The Cost of Doing Business in Romania

We’ve been planning this step into the business world for a long time now, perhaps I’ve even been dreaming about it longer. I think all of the hesitation I had in the States that came with every thought of starting something was due to the state of the industry there. I had jumped into the Specialty Coffee industry early (not much more than a subculture) but I hadn’t been in it from the very beginning; at least not like the people that I was working with. I’ve always been intimidated, no, that’s not the right word, maybe uneasy, of others’ passion for coffee, not because they had more than I did, but because it seemed to me to be more warranted. They’d struggled through the beginnings of the “third-wave”, trying to convince people to spend twenty dollars on a bag of coffee instead of ten, because it was vastly better, not just better marketed. That they’re taste in coffee was outdated (yes, I know that that’s the wrong way to educate people, but we didn’t know that).

I feel that stepping into the industry here in Romania has been a bit of a time-jump. There are many things about the interactions here remind me of the beginnings of the trek uphill in California, and of the familial closeness of “competing” roasters and cafes here. You may think, “But the model has already been set, aren’t they just following a script?” To a degree, yes, the script has been written, but only in the sense that the mistakes have been made and the knowledge is less of a fight to get to. I’d compare it more to the relationship of two siblings, years apart. The elder paving the way, the younger emulating, but with no less passion (in many ways, more).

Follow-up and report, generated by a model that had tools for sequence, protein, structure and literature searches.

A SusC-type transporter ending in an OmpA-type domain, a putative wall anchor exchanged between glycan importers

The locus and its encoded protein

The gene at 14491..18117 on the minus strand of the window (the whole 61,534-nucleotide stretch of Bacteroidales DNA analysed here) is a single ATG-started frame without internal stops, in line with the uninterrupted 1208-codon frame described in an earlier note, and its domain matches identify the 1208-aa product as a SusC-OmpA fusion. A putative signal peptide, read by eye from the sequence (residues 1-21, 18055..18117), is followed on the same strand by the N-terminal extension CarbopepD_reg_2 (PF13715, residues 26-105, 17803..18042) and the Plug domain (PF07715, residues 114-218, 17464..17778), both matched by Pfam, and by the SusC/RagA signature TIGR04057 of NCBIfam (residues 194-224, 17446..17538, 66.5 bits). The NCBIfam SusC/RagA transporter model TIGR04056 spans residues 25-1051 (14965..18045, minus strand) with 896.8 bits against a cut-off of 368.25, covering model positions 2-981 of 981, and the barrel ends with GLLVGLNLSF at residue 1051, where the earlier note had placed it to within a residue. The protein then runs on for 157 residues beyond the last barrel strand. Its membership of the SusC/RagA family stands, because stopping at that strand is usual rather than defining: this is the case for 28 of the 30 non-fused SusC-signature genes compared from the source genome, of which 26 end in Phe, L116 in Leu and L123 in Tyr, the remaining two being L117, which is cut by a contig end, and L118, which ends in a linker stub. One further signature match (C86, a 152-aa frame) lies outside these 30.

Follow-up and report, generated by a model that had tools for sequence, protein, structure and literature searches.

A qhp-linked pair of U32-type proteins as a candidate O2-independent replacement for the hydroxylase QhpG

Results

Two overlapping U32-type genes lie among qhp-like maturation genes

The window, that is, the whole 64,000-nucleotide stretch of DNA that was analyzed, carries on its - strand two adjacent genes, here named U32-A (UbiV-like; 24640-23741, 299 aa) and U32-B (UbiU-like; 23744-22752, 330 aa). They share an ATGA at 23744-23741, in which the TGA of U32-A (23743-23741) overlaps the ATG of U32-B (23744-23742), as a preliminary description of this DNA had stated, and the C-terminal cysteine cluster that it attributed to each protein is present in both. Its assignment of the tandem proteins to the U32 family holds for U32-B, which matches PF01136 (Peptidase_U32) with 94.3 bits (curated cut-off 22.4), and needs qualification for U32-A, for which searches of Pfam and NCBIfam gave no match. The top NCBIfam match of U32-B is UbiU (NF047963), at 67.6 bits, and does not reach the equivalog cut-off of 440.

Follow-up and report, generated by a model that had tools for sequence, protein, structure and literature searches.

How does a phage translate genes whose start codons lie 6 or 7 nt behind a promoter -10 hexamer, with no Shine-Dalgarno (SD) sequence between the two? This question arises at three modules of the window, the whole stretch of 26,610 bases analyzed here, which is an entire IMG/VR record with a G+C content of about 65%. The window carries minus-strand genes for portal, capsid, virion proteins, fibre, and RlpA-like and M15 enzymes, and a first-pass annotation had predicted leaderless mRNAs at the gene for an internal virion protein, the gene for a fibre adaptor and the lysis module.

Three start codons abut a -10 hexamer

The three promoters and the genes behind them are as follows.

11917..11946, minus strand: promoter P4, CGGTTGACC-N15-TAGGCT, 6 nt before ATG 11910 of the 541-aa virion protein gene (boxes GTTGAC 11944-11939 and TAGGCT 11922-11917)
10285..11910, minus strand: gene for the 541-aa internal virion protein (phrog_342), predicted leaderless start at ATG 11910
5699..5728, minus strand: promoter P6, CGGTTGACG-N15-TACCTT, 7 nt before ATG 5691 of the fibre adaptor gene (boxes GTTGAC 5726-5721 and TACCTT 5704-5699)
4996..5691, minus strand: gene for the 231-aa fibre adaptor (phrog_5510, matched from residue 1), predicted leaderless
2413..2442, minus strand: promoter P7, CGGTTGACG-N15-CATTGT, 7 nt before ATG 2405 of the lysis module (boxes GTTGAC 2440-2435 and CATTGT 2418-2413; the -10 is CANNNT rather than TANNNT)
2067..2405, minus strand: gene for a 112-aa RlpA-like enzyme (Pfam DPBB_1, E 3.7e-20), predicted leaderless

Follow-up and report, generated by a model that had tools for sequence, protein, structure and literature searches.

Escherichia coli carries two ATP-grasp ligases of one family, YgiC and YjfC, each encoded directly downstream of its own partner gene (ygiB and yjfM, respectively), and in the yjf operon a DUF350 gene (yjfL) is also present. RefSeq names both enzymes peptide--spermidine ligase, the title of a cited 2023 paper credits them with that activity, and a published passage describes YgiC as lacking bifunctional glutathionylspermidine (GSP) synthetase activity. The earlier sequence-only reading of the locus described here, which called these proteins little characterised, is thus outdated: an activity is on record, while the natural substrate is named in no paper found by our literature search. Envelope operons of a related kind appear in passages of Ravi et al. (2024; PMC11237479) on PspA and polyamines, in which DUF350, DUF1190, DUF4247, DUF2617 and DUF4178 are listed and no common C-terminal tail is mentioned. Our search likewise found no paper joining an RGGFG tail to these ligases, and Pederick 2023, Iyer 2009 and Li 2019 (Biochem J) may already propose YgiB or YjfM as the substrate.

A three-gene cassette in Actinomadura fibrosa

There will be a fight. Not to sell the most grinders, or pouring kettles, or home espresso machines, because all of those things aren’t ultimately necessary to make good coffee, or even to enjoy not-good coffee. The battle will be educating people about why the coffee they’re drinking tastes the way it does; which involves letting them taste something different, either a different brand, or a different preparation method. Fighting to communicate with them from the point of view of an outsider, however knowledgeable though ultimately naïve and green in the industry. Fighting the bureaucracy of an unfamiliar system, the expectancies of a culture that is used to hand-outs if they know your first name.

…I’ll compare it to water polo, which is one of those pseudo cross-over sports that is known on both sides of the pond. You’re trying to throw the ball into the net, guarded by someone almost as big as the net, while trying to stay afloat only with your legs, while getting kicked under the surface and splashed in the face above. …All while wearing a speedo.

But we have our stamp. So there’s that…